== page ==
The declining population figures do not take away from Uniontown’s impressive skyline. Wikipedia certainly has “Tallest Building” entries for cities with buildings and structures of heights similar to the tallest buildings in Uniontown. Emporis, a worldwide database of building information, remarks that Uniontown “has a remarkable skyline for a city of its size, suggesting a past of great energy and optimism”.
I figured that creating an entry on Wikipedia couldn’t hurt. I thought there was only a small chance Wikipedia wouldn’t accept the entry, especially if I made sure the article introduced some new knowledge to the online encyclopedia. So, I carefully went through the process of creating the article. I reviewed similar entries for other nearby cities. I went downtown and took some pictures of the tallest buildings in town. My entry had a short and sweet summary that offered some background on Uniontown’s industrial past. I also pointed out that Uniontown witnessed a population boom between 1880 and 1930. Uniontown’s most iconic downtown structures were built within that fifty year window.
Six buildings made the list. Each building on the list was over 100 feet tall, which I used as the baseline for qualification. I had created articles for Wikipedia before, but I felt this particular entry was my most unique and personal one. I had always been proud of my hometown’s architecture and history. “List of the Tallest Buildings in Uniontown, Pennsylvania” met Wikipedia’s standards for creation and soon appeared online.
I was really satisfied with my article. Wikipedia was too. At least, Wikipedia was satisfied initially.
School started not long after my article was officially created. A handful of my colleagues found my article to be somewhat whimsical but worth reading. Most were generally impressed with the list. Here was Uniontown, right alongside Pittsburgh, Philadelphia, and Cleveland, with its own “Tallest Buildings” article on Wikipedia.
One of the Computer Science teachers even used the article as part of an online scavenger hunt for his students during the first week of classes. After a few days, some students commented that “List of the Tallest Buildings in Uniontown, Pennsylvania” could no longer be found online.
That’s when I got the news.
“List of the Tallest Buildings in Uniontown, Pennsylvania” had been recommended for deletion. Within a few days, the powers that be on Wikipedia had voted to delete the article. I did argue for keeping the page to no avail. For every point I raised, those behind the wrecking ball had a cataloged response. “List of the Tallest Buildings in Yellowknife, Northwest Territories” exists, and I have no problem with that whatsoever – but we can’t spare a page for Uniontown? I guess there just isn’t room for the Fayette Building on Wikipedia (outside of a small picture on the main Uniontown article). J.V. Thompson and D.H. Burnham would be very disappointed.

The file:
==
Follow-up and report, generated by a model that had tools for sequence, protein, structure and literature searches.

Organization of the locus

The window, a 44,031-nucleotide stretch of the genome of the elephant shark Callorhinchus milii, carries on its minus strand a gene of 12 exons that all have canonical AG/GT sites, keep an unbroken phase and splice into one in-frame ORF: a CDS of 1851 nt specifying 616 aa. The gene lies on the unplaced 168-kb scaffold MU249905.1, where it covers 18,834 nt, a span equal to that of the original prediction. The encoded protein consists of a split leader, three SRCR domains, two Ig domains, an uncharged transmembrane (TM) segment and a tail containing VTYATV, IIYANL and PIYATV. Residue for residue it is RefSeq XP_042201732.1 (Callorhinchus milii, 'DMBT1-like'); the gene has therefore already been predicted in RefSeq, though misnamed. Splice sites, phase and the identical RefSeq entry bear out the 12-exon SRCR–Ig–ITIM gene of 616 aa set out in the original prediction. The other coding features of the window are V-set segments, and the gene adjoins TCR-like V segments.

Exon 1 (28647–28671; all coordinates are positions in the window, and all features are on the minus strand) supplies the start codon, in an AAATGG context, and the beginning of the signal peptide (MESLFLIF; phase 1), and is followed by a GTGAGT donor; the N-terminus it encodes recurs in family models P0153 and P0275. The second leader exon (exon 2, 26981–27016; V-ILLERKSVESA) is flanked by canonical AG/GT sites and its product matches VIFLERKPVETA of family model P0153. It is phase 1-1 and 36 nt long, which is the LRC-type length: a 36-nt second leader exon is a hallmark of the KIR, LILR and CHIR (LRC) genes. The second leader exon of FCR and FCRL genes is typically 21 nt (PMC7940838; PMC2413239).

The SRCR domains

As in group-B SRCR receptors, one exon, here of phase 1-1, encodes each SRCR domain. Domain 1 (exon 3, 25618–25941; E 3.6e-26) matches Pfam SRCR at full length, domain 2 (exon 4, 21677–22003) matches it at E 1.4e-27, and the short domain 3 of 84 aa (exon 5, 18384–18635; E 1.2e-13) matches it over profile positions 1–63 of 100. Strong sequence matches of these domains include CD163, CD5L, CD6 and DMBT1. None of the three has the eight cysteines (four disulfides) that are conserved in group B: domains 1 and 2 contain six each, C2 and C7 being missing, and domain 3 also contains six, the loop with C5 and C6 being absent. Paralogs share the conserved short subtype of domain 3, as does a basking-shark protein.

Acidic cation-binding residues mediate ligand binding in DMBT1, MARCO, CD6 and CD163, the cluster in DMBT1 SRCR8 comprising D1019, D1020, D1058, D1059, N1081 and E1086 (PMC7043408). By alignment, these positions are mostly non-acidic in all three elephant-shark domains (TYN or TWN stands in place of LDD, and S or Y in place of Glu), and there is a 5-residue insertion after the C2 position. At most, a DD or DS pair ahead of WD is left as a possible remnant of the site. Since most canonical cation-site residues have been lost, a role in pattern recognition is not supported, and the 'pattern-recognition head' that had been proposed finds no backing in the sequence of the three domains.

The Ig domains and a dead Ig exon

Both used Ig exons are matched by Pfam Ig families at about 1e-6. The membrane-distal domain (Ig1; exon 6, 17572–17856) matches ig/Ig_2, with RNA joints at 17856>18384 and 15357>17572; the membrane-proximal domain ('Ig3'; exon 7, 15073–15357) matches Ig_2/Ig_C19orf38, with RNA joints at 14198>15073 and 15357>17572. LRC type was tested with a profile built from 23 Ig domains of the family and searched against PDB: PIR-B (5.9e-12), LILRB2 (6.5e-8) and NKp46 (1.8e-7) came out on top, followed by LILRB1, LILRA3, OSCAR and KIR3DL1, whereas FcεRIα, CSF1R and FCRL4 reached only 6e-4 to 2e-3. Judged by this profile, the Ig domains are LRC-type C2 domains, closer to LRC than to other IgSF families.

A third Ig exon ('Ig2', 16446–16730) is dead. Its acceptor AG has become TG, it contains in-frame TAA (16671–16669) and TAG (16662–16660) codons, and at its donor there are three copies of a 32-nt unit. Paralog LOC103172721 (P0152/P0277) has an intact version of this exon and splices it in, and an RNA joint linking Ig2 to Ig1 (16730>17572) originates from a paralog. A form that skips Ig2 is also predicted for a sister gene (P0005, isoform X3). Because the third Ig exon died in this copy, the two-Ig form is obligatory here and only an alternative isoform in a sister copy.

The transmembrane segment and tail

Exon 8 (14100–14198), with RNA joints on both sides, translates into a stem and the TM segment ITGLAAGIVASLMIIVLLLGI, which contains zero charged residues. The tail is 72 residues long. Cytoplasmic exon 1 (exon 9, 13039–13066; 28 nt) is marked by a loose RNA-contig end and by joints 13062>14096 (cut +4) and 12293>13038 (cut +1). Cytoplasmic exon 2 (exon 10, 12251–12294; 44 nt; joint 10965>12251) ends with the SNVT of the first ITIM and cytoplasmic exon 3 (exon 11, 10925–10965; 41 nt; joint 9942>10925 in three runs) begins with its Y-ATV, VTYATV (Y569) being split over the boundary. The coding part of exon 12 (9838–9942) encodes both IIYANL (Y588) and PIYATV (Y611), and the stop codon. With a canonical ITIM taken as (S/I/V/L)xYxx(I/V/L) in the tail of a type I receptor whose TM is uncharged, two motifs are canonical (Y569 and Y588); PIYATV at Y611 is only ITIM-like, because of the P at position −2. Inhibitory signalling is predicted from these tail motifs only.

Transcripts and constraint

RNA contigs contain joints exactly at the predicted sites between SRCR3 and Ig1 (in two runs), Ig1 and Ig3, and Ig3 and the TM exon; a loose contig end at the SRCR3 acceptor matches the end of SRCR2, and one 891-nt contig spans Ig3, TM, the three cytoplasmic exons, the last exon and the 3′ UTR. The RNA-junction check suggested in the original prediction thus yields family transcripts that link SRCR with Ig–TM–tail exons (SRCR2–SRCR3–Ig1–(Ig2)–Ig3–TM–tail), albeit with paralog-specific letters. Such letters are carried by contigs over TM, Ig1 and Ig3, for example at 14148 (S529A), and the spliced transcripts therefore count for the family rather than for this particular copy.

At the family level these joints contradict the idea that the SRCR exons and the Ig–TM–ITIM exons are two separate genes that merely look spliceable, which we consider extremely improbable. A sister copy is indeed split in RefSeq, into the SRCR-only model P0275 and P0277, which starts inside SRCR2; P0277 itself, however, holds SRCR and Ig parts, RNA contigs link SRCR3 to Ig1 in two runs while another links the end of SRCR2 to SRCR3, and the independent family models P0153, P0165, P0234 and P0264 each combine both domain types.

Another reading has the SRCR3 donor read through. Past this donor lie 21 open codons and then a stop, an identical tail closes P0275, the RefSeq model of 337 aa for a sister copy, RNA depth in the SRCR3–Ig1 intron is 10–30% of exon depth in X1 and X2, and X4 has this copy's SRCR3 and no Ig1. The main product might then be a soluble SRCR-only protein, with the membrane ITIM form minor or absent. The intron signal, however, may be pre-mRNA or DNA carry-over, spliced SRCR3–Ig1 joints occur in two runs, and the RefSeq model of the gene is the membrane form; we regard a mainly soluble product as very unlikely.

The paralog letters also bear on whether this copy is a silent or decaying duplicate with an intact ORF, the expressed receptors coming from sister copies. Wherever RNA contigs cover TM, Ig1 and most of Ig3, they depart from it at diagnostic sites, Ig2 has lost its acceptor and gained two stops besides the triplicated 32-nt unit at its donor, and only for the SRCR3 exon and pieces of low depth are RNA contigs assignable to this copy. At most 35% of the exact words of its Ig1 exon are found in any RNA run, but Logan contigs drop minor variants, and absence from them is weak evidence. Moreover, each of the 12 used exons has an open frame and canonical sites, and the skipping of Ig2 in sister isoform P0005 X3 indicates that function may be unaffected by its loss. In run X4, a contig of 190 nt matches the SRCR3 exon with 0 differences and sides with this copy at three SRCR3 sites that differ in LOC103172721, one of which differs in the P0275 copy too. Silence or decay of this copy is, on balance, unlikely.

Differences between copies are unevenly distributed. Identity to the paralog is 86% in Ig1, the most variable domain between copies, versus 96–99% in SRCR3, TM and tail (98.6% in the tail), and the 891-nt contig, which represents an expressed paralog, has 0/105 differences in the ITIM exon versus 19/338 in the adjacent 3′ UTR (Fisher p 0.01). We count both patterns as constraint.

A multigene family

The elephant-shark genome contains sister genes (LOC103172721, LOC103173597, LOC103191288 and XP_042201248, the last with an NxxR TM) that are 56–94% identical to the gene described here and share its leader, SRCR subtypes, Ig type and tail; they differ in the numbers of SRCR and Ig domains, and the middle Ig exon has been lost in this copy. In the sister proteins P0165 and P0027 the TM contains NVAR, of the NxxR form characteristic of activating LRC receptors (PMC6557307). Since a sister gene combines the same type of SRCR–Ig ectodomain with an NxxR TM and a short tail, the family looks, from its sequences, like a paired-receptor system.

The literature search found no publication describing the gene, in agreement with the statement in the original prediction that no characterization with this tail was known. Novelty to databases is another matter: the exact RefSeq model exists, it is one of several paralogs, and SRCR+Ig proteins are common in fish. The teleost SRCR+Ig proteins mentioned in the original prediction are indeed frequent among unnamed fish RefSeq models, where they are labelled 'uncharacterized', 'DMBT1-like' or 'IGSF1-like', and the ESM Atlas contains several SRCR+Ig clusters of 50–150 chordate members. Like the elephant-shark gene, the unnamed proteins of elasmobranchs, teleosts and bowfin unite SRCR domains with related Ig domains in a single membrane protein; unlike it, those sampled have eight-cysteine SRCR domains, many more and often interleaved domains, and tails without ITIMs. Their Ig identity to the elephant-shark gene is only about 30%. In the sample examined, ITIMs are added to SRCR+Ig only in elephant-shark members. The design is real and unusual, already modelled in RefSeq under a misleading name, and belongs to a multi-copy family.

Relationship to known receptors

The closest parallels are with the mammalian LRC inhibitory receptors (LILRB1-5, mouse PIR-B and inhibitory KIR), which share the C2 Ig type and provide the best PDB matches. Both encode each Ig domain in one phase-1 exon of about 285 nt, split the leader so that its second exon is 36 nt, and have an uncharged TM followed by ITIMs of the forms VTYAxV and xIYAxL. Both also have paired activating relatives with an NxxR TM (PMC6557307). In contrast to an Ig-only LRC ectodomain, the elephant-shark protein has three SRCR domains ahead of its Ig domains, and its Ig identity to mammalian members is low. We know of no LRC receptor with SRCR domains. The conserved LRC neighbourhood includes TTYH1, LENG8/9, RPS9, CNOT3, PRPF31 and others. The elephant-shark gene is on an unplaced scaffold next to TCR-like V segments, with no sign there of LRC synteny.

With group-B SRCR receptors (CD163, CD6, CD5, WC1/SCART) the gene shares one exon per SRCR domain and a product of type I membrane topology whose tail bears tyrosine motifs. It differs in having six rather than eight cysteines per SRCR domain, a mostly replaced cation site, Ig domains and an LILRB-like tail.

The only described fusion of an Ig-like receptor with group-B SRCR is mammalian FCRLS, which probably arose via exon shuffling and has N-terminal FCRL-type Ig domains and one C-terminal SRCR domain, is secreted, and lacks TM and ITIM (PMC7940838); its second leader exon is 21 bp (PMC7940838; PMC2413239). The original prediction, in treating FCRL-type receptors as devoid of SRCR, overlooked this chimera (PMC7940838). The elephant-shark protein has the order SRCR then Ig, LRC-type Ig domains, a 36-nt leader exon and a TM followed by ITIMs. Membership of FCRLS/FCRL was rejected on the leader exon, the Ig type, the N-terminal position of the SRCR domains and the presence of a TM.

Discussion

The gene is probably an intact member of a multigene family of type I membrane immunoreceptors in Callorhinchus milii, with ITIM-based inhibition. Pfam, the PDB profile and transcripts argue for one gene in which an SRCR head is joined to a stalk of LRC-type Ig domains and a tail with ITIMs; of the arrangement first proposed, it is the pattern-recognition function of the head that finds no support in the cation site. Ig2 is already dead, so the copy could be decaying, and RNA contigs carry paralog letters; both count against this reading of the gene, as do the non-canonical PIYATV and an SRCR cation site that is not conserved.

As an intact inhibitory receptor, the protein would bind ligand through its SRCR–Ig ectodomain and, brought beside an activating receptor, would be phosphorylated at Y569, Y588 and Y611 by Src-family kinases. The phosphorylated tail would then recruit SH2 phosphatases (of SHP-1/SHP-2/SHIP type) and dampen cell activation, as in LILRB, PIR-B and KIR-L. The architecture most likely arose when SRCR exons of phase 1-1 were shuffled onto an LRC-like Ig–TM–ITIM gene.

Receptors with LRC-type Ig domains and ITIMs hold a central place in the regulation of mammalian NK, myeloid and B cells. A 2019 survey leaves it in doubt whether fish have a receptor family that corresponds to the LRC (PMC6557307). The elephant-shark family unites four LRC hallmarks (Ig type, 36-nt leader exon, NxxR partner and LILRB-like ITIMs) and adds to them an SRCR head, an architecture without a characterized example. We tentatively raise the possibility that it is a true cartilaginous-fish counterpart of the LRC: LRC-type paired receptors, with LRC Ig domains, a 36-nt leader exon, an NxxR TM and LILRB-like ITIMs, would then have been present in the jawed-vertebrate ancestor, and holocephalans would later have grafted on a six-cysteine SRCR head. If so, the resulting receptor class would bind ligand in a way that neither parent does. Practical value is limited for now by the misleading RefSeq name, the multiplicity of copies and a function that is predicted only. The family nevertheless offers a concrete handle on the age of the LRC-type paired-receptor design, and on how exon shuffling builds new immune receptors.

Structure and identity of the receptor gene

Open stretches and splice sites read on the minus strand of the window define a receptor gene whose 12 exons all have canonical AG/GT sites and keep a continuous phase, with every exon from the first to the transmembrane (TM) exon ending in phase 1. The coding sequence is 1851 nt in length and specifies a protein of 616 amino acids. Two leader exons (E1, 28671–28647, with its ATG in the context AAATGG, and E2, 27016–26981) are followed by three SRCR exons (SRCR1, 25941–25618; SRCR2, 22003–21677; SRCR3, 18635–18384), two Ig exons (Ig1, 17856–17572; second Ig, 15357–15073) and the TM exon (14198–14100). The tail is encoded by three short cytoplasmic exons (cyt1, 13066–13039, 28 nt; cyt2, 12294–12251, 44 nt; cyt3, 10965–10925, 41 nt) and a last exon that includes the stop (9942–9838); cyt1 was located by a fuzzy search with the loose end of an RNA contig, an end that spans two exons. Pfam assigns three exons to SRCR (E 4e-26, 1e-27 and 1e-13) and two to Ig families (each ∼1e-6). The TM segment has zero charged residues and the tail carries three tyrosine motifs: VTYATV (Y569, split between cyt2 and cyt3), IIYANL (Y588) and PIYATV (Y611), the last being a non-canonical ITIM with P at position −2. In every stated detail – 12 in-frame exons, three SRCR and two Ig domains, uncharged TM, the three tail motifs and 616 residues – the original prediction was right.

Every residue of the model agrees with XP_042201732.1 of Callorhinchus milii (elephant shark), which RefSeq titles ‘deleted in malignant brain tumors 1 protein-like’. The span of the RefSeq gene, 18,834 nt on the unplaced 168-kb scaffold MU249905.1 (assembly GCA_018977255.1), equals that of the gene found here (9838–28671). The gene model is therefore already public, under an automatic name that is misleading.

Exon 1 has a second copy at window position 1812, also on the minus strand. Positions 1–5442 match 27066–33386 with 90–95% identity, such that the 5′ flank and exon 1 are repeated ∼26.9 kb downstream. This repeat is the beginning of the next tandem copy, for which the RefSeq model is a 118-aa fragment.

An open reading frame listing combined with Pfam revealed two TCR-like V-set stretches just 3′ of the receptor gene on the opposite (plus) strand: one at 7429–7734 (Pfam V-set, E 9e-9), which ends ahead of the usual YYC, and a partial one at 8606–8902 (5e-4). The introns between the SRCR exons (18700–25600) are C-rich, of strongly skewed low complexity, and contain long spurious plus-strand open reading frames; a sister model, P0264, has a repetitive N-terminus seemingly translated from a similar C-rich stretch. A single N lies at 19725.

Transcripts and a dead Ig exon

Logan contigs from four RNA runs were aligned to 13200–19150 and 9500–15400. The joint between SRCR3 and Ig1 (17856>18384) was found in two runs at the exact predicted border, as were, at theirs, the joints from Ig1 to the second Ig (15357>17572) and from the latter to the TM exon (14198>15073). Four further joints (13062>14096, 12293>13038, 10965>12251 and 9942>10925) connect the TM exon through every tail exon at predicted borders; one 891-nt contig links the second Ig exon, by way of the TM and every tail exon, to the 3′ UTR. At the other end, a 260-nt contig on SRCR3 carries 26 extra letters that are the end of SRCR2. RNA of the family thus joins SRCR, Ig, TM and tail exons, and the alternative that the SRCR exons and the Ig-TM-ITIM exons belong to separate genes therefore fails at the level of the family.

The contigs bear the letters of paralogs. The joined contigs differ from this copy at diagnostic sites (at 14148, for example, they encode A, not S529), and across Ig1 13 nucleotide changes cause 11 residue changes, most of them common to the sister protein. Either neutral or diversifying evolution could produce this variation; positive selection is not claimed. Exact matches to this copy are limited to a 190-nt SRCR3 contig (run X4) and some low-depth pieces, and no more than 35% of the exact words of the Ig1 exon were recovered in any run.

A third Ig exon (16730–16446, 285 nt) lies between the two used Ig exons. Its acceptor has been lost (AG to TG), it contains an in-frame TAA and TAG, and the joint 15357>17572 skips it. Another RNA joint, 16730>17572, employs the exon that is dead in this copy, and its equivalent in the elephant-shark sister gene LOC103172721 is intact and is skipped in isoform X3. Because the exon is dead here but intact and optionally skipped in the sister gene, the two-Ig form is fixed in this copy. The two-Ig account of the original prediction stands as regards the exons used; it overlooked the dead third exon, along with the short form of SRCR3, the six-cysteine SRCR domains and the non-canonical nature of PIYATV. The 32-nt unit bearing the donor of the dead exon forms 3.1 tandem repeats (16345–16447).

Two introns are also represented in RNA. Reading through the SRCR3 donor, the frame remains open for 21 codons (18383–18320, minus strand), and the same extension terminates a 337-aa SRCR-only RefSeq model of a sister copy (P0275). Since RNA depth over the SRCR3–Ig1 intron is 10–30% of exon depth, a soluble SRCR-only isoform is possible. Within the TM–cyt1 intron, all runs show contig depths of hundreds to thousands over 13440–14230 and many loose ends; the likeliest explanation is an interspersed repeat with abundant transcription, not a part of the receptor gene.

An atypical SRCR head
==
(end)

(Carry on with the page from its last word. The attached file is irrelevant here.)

Information that was new to Wikipedia presented within my entry was not even merged into the Uniontown, Pennsylvania article. Wikipedia had dismantled “List of the Tallest Buildings in Uniontown, Pennsylvania” brick by brick before the mortar had even fully hardened.
After a year of sorting through the rubble, I have rebuilt my list – bigger and better. Most of the statistical data on my list is taken from Emporis, which is an amazing database.
Uniontown, Pennsylvania has an impressive skyline for a small city.
The gallery below shows the buildings in Uniontown, Pennsylvania that stand at least 85 feet (25.9 meters) tall. The buildings are ranked by row, starting with the upper left-hand corner and moving left to right. Click an image to make it appear larger. The eight tallest buildings in Uniontown, Pennsylvania are:
Fayette County Courthouse
Trinity Presbyterian Church
Mt. Vernon Towers
National City Bank Building
White Swan Apartments
1. Fayette County Courthouse (188 feet – completed 1892)
2.Trinity United Presbyterian Church (150 feet – completed 1896)
The excitement of riding an elevator typically passes with childhood. I distinctly remember jostling with my sister or cousin to see which of us would get to press the elevator button. My mother or grandmother would usually reprimand one of us for pressing the button out of turn. At the time, I was never sure why pressing the button mattered so much – but pressing the button definitely did matter. Children still rush to the control panel to press the button first. I suppose elevators seem to possess an almost majestic quality to children.
As the decades have passed, I find elevators bring more a sense of relief than adventure. I’m not so concerned about pressing the buttons nowadays, but I do still always offer to press the buttons for other passengers.
I guess that’s because I was always good at pressing the buttons – much better than my sister anyway.
Uniontown has quite a few tall buildings for a town of only 10,000 people, making elevators necessary throughout downtown. While you can’t ride every single elevator, the kid in me found out yesterday that you can still press the buttons on quite a few.
And, yes, I did get briefly stuck in one. Thankfully, I don’t have claustrophobia or agoraphobia. I did press the hell out of the “Door Open” button, though.
There is one candy bar that is distinctly Western Pennsylvanian – when was the last time you had a Clark Bar?
Although much of my work is fiction, I have invested some considerable time into a few nonfiction projects over the years. One nonfiction topic that is of special interest to me is the history of the D.L. Clark Company, former producer of the Clark Bar and Zagnut. The D.L. Clark Company has an incredibly interesting history that would immediately appeal to anyone fascinated by 20th century Pittsburgh lore.